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  • Writer's pictureKeep It Moving PT & Wellness

Week 9: Quadruped Core Activation in Maximal Spinal Flexion

Updated: Aug 5, 2023

Purpose: To isolate and achieve maximal flexion mobility of the pelvis and lumbar spine through activation of primarily the internal obliques and transverse abdominis in a gravity assisted position.

What It Targets: Activation and Motor Control of the Transverse Abdominis, Internal Obliques, Serratus Anterior, Diaphragm, Rectus Abdominis, Iliacus, Psoas Major, Triceps, and Forearm Flexors; Stretching of the Thoracic Paraspinals; Expansion of the Posterior Mediastinum


  1. Assume the quadruped position with hands directly under shoulders, and knees directly under hips

  2. Tuck your pelvis underneath you and round your whole spine into flexion, with emphasis on the lumbar spine

  3. Fill in the valley often created in between your shoulder blades by pressing your palms into the table as you round your upper back

  4. Once in the maximum tuck, inhale calmly through your nose with the intention of filling your mid to upper back with air

  5. Exhale long and slow feeling the tension build in your sides and deep abdomen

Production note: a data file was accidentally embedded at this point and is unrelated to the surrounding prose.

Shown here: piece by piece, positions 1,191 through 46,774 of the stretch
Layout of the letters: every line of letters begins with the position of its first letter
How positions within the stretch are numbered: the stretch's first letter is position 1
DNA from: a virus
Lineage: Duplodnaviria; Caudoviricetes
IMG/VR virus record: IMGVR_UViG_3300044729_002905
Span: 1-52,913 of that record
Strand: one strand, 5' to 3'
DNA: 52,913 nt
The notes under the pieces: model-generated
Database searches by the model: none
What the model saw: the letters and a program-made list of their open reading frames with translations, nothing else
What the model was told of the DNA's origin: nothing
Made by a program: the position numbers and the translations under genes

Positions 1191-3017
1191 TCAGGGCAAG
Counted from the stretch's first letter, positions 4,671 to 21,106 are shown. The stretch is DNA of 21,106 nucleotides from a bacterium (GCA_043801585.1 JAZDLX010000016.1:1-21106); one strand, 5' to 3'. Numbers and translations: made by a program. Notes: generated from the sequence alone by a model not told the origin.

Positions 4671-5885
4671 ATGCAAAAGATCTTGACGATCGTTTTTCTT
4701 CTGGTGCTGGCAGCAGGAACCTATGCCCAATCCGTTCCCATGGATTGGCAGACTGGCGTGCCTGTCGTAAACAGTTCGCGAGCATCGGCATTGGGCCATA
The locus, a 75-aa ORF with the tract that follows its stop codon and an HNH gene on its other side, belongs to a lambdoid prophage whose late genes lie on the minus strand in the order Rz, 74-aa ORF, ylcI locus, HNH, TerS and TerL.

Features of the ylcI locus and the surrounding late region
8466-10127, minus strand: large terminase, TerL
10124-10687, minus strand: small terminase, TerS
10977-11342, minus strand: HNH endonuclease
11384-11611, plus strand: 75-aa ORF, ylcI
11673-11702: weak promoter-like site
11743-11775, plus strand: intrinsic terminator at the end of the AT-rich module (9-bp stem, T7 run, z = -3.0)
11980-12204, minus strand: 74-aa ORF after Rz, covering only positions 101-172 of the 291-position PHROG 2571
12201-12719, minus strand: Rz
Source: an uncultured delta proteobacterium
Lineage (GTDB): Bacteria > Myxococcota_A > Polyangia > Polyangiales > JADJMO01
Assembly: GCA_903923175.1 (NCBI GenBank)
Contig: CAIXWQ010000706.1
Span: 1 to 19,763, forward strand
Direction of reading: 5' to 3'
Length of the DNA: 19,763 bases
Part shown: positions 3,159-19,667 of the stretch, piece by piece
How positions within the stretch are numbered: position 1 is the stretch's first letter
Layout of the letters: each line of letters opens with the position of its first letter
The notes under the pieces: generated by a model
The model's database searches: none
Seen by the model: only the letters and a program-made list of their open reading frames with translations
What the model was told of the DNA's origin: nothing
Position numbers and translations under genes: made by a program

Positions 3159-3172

6. Challenge yourself to tuck your pelvis and lumbar spine further with each exhalation

  7. Repeat as prescribed, and don’t lose the pelvic tuck!

Main Cues:

  • Lumbar spine should be tucked as much as possible without any pain felt

  • Thoracic spine should be flexed as much as possible without any pain felt

  • Motion should be driven by the sides of the abdomen and deep core, not the “6 pack abs” (Rectus Abdominis)

  • The trunk should not move forward and backward and should only move up and down towards the ceiling/floor

Common Compensations/Adverse Effects:

  • Pain in lower back

Correction: Decrease the degree/intensity of the posterior pelvic tuck to find a happy position for your low back

  • Pain in wrists

Correction: Place your hands into a fist to allow the wrists to maintain neutral

  • Loss of spinal flexion on the inhale

Correction: Decrease the intensity of the inhale

  • Too much tension in neck and upper traps

Correction: Think of pressing your palms into the floor using the muscles in your armpits rather than tops of shoulders

  • Trunk is moving forwards and backwards with each breath

Correction: Keep knees stacked directly below hips, and hands directly below shoulders the entire time

Why We Love It:

  • Allows for achievement of maximal lumbar and pelvic flexion in a gravity minimized position

  • Allows unrestricted expansion of the posterior mediastinum cavity

  • Connects upper and lower body via full activation of the deep core with attachments on the ribcage and the pelvis

  • Establishes a Zone of Apposition for more efficient firing of the diaphragm

*Disclaimer: Not all exercises are suitable for everyone, and participation in novel activities may increase the risk of adverse effects such as pain, soreness, or injury. Please consult with your Physician or a local Physical Therapist prior to attempting any exercise you feel uncomfortable performing. If adverse reactions occur, discontinue performance of the exercise and consult your physician or trusted clinician for evaluation.


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